Alexandra Amendola of Shrimpton Couture wrote a fantastic article on me for the Examiner recently. [Read it here.] I first met the lovely Alexandra following a social media talk last year at The Spoke Club with her amazing boss Cherie Federau and my dear friend Ainsley Kerr.
I asked her if I could post the answers to the great questions she asked me, and she agreed! (Thank you Alexandra). It gives a little more of my background to how I ended up where I am today. Why not share?
1. Growing up, did you have any major influences that made you want to get into the fashion industry?
Looking back, I can see two very different influences when I was younger that influenced me in the fashion industry: old Hollywood movies and 80’s pop music. I absolutely was enthralled by the big musical numbers of movies from the 40’s and 50’s when I was very young. We watched a lot of musicals in my family. The costumes were so elaborate and the women were so elegant and glamourous. I wanted to wear those gowns so I could feel like I looked like those women and capture just one ounce of their beauty.
When I was about eleven I spent my pocket money on Smash Hits magazine – a bi-monthly pop music magazine from the UK. I religiously bought it every fortnight so I could learn all the lyrics of the new songs and take a look at what my favourite singers were wearing. Top of the Pops was also a weekly ritual in my house, which played all the latest music videos and had live performers. By the late 80’s my fashion icons were Kylie Minogue, Yazz, Salt-n-Pepa, and Neneh Cherry.
What I think I loved the most about all those women and what they wore was that it made a statement. That clothing could create an image of what you want people to think about you. It also gave me the freedom to experiment with what I wore and made me realise that you can express yourself through clothing.
2. Having experience in various aspects of the fashion industry, could you explain how you started off for those also interested in working in this industry?
I am lucky to be one of those rare people who always knew what areas of the industry I wanted to work in. My high school had a fashion design class in both grade 11 and 12. I organized my first fashion show for The Bay when I was 17 and two of my school’s fashion shows. That was when I got my first taste of what it was like to organize an event and cast models. It was then I decided that I either wanted to be a fashion show coordinator or a model agent.
When I was going through the course calendars of all the college and university fashion programs, Humber College was the only one that jumped out at me. It had all the courses I wanted to take. In my first year, I had an internship at the men’s division of a modelling agency, Armstrong Models, within a month I was booking models and by my third month I was hired. I stayed at that modelling agency for 5 and a half years as the men’s booker.
Also, while still at Humber, my favourite teacher, Carol-Ann Organ, who was a fashion show coordinator, would hire me as a dresser for fashion shows. She introduced me to Erika Larva, who also hired me as a dresser and an assistant coordinator for fashion shows including Harry Rosen and Hugo Boss. So, by the time I was 18, I was already in my dream careers. Erika Larva now coordinates fashion shows during LG Fashion Week with her company Monarch Events.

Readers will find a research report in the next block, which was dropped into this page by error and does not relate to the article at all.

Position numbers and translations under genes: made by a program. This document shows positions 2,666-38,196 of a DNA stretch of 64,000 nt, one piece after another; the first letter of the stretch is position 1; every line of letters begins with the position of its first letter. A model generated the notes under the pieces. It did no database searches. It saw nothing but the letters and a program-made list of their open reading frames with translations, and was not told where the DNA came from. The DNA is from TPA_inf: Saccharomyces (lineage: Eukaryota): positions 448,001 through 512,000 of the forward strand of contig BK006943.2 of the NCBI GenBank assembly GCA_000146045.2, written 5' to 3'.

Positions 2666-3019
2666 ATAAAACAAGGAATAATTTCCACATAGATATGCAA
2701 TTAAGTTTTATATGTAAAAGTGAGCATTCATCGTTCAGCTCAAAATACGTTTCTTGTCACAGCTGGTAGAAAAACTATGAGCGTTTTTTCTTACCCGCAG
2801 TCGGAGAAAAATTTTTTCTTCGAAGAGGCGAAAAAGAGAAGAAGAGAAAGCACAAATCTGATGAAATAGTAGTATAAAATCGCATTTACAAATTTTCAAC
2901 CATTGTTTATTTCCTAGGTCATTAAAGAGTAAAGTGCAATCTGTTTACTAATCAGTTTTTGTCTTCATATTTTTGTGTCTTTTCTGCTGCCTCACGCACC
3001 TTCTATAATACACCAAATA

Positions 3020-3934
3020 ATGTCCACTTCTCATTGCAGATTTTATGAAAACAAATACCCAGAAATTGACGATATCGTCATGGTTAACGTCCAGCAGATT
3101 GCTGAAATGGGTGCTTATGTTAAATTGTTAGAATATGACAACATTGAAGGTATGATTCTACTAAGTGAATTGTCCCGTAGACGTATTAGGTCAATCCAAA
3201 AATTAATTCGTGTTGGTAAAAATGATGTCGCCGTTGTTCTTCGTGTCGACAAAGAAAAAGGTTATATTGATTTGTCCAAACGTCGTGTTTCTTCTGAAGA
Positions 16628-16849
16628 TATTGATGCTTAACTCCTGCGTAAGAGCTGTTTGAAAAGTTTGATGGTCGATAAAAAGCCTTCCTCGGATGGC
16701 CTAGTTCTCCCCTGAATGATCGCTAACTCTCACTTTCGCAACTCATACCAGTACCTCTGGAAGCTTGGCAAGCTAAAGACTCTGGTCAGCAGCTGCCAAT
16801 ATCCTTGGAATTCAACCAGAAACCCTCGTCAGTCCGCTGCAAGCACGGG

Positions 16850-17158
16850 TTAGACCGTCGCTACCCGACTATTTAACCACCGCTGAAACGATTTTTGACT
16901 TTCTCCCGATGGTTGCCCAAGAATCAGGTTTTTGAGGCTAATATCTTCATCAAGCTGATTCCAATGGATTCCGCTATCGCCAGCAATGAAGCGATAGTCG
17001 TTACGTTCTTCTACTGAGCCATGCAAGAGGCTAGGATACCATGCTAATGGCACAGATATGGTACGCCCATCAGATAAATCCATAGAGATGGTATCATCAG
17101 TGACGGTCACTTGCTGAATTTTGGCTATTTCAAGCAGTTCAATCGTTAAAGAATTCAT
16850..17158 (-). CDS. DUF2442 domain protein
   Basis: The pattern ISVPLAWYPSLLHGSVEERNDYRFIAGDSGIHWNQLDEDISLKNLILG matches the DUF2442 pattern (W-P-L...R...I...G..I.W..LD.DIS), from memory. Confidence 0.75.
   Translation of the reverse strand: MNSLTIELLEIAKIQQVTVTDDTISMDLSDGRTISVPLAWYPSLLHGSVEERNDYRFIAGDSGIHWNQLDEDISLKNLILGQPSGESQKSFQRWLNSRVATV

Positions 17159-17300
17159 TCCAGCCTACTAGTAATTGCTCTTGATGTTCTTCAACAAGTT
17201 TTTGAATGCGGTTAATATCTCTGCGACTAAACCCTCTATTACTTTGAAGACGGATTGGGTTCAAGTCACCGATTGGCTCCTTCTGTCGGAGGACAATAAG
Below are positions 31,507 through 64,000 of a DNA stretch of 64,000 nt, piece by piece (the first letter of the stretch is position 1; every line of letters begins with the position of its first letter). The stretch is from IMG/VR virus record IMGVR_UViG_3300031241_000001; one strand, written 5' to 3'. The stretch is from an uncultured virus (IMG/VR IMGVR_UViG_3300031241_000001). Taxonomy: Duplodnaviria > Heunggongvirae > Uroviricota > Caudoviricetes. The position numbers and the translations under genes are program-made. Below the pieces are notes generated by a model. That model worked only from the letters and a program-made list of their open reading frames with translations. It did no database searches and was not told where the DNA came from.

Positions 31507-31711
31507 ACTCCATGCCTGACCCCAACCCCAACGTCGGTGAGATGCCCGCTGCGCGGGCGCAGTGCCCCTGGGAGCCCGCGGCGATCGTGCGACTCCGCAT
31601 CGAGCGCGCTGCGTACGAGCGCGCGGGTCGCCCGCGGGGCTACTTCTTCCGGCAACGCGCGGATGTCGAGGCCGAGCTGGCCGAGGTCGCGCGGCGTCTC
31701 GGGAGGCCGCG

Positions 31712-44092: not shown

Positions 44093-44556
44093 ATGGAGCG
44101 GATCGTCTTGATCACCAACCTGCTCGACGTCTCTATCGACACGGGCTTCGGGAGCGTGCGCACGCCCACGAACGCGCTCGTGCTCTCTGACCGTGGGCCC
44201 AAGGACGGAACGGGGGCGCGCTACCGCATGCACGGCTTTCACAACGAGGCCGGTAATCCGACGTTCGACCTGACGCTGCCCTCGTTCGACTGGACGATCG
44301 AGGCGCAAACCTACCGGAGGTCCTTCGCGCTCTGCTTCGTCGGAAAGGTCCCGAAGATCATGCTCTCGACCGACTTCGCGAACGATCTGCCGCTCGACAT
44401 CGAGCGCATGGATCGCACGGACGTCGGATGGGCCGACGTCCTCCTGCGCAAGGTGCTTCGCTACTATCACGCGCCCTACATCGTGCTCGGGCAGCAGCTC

1. When did you start the company and why?
I started Magnet Creative Management in February of this year. After the closing of my previous company, The Style Box, I took a well-deserved three month break which gave me time to develop the concept for the company that I wanted to create. I’d learned a lot in the brief time that The Style Box existed and it had built up so much momentum that I didn’t want to simply just return to a 9 to 5 job. I wanted to move forward and continue with my ultimate goal of making a positive contribution to the Canadian fashion scene, even if what I do is a ripple compared to others, I believe that I can still make a difference.
2. Who uses your services most? (up and coming designers, established industry members, etc.)
So far, it’s been such a range of clients from new companies who are just starting to established brands who have been around for years and already have a strong following. Although I don’t focus on emerging designers, my work with the Toronto Fashion Incubator and the Youth Employment Services’ A Passion For Fashion Program allows me to use my experience and knowledge to help build those brands and attract people to them just as much as I want to do the same with more established companies.
3. How can Magnet Creative be helpful to these clients?
The main focus of Magnet Creative is to attract attention to brands, to use my network, and my varied experience to help them grow. I’ve been fortunate that I have always worked with incredibly experienced people at the top of their fields who have taught me so much about the industry. Each of my former bosses and co-workers excel at their jobs and I have learned so much from that exposure and their incredible work ethic. By applying all the levels of knowledge that I have with the contacts that I have, I can easily reach out to the best of the best in the industry, no matter what level ,to ensure that each company I work with can trust that they are in capable hands. I only want to guarantee that I can provide exceptional results, I don’t settle for anything less.
4. Where do you see the company in the next 5 years?
As my company is in it’s infant stage, it can only evolve and grow. I have many ideas in the works which I hope will benefit not only my clients, but the Canadian fashion industry as a whole. Being in an ever-changing industry such as fashion and having the freedom to adapt to those changes, makes it even more exciting to see what the future holds.